top of page


Updated: Mar 6

Criminal Lawyers Association: FOR THE DEFENCE • VOL. 43 • NO. 4 39 , August-September 2023, at p. 34.


Members of the Criminal Lawyers Association can access the article online at:

The following are Updates to the Endnotes for the article with corrected numbering to match article numbering:


1 Criminal Code of Canada, s. 320.34(1)

2 "sufficient to determine" in s. 320.34(1)

3 An evidence-to-the contrary hearing under Bill C-46 has nothing to do with a R. v. Carter, 1985 CarswellOnt 2, 19 C.C.C. (3d) 174 (Ont. C.A.) defence, calling your client and a tox- icologist. An evidence-to-the-contrary hearing results from the Crown’s potential or actual use of the Intoxilyzer® Test Record2320.33, the Certificate of the Qualified Technician 320.32(1), or the Certificate of the Analyst3320.32(1). It should also result from the Crown’s use of hearsay by the qualified Technician. Your client has rights under Interpretation Act, section 25 to call evidence-to-the-contrary. Call expert evidence from a measurement science expert based on disclosed, produced, or FOIP facts. See Criminal Code of Canada, s. 320.31(1) and, Interpretation Act, s. 25(1): “Where an enactment provides that a document is evidence of a fact with- out anything in the context to indi- cate that the document is conclusive evidence, then in any judicial pro- ceedings the document is admissible in evidence and the fact is deemed to be established in the absence of any evidence-to-the-contrary.”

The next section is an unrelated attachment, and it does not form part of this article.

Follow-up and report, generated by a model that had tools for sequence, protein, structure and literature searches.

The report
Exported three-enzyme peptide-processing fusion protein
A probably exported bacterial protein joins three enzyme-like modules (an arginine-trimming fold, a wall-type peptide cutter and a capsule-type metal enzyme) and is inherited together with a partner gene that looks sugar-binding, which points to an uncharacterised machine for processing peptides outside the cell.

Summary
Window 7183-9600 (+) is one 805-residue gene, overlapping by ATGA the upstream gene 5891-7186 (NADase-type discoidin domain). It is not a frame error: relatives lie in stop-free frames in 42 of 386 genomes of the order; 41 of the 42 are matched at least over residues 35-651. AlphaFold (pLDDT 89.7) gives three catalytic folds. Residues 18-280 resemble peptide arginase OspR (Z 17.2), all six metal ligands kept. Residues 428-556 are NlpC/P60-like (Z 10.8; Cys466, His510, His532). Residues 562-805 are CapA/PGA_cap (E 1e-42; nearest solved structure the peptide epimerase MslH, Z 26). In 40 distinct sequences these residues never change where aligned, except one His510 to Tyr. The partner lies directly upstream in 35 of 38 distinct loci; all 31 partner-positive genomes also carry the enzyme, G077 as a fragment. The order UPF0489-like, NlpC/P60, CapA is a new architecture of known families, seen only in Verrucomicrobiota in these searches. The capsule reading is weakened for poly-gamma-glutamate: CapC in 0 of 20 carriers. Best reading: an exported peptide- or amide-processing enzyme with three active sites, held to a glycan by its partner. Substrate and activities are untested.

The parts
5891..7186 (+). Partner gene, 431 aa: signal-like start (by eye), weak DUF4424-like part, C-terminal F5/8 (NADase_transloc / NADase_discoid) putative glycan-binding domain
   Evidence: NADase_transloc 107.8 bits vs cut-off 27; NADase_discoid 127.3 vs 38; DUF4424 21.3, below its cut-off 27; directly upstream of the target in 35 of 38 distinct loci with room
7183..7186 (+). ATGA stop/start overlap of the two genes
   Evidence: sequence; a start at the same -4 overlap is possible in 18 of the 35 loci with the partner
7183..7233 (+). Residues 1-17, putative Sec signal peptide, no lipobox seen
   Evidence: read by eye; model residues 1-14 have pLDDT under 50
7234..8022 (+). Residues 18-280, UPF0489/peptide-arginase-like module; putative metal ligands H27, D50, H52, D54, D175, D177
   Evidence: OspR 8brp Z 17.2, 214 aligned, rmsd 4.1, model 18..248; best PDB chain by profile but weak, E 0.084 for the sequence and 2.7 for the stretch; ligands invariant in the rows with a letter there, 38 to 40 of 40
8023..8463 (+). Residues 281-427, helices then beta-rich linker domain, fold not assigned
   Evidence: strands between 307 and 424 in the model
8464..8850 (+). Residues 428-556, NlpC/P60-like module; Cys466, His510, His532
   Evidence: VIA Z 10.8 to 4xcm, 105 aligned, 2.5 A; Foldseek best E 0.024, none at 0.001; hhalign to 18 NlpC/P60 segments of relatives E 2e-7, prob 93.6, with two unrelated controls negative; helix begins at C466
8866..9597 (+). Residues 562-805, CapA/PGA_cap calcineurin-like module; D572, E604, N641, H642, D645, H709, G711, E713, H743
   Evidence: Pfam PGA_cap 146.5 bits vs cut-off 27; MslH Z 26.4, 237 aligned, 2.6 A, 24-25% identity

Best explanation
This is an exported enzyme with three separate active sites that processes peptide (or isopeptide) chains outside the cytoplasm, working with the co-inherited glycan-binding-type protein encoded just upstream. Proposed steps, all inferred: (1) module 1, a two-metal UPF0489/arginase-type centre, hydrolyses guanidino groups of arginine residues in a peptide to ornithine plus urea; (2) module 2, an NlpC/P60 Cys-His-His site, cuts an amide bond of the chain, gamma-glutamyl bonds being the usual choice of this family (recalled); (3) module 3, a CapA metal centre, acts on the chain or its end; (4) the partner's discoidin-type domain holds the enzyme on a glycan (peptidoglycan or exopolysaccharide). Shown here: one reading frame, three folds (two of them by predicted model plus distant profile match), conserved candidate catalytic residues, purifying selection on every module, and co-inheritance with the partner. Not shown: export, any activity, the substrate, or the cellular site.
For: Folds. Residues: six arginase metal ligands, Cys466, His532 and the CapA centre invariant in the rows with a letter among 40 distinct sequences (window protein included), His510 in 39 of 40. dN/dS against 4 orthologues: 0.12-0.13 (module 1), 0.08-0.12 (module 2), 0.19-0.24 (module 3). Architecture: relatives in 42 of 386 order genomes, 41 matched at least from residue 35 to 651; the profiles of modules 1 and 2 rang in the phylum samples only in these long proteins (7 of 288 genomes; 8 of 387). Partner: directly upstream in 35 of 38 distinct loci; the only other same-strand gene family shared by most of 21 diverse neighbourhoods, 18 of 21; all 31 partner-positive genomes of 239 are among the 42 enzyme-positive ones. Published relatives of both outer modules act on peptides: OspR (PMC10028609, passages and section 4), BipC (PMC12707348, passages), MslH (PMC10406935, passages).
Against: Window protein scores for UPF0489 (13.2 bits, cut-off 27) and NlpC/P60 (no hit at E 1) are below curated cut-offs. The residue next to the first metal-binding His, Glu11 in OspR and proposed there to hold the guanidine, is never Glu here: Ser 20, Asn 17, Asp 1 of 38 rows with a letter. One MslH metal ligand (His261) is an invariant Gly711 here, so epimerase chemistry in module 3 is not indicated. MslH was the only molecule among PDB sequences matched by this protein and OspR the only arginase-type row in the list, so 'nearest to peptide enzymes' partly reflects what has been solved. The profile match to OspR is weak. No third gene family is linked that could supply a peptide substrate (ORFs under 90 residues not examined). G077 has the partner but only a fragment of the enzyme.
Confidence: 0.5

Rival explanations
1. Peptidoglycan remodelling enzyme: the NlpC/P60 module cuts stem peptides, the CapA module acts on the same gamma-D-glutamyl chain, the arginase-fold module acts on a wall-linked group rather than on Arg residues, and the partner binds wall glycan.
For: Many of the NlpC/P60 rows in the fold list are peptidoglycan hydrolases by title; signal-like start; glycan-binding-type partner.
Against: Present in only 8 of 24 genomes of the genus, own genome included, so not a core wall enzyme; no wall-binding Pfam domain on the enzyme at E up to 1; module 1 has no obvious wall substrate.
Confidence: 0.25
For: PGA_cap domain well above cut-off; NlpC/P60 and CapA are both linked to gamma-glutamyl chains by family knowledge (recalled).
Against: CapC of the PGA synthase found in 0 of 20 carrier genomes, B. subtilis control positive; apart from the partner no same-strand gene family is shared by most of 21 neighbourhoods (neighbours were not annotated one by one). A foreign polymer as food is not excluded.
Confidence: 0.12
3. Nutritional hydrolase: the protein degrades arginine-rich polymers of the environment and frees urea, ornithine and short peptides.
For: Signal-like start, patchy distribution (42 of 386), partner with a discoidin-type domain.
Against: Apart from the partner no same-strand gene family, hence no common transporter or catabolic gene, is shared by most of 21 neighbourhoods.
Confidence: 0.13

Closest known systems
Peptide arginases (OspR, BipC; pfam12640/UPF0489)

4 Criminal Code of Canada, s. 320.31(1).

5 Educate yourself through FOIP applications and CPD, as to police service protocols, CFS protocols, and the scientific differences among self- checks, control tests, and calibration on their ASDs.

6 “Q.: If you had observed her doing X [from the expected list], you would have noted that. Right?”

7 Maybe “impaired” in another sense, but not to effect on ability to operate a conveyance.

8 The material before (para. 47(e) of decision) Justice Watt in R. v. Jackson, 2015 CarswellOnt 18194, 2015 ONCA 832, leave to appeal refused 2016 CarswellOnt 10527, 2016 CarswellOnt 10528 (S.C.C.) [R. v. Jackson], included an affidavit by Sgt. Kiss of Ottawa Police. Para. 46(e) listed QT obligations to dis- close. Para. 42 of that affidavit stated: “Upon changing the Alcohol Standard Solution, the Qualified Technician performing the procedure is required to conduct a Calibration Check, independent of any subject breath test. The Quali?ed Technician must record the solution change and subsequent Calibration Check in a log. The resulting Alcohol Standard Solution change and calibration log is also part of the Quali?ed Technician’s disclosure obligations when a prose- cution is commenced against a test subject.”

9 In Ontario, the wet-bath Simulator is every bit as essential an instrument as the Intoxilyzer®. No wet-bath Simulator is an “approved instrument” in Canada. Simulators (or alternatively “dry gas” in Western Canada) are “accessory equipment” (see Canadian Society of Forensic Science CSFS Alcohol Test Committee ATC necessary to Parliament’s section 320.31(1) scheme of conclusive proof.

Link has been updated to: 2020-05-29 Best Practices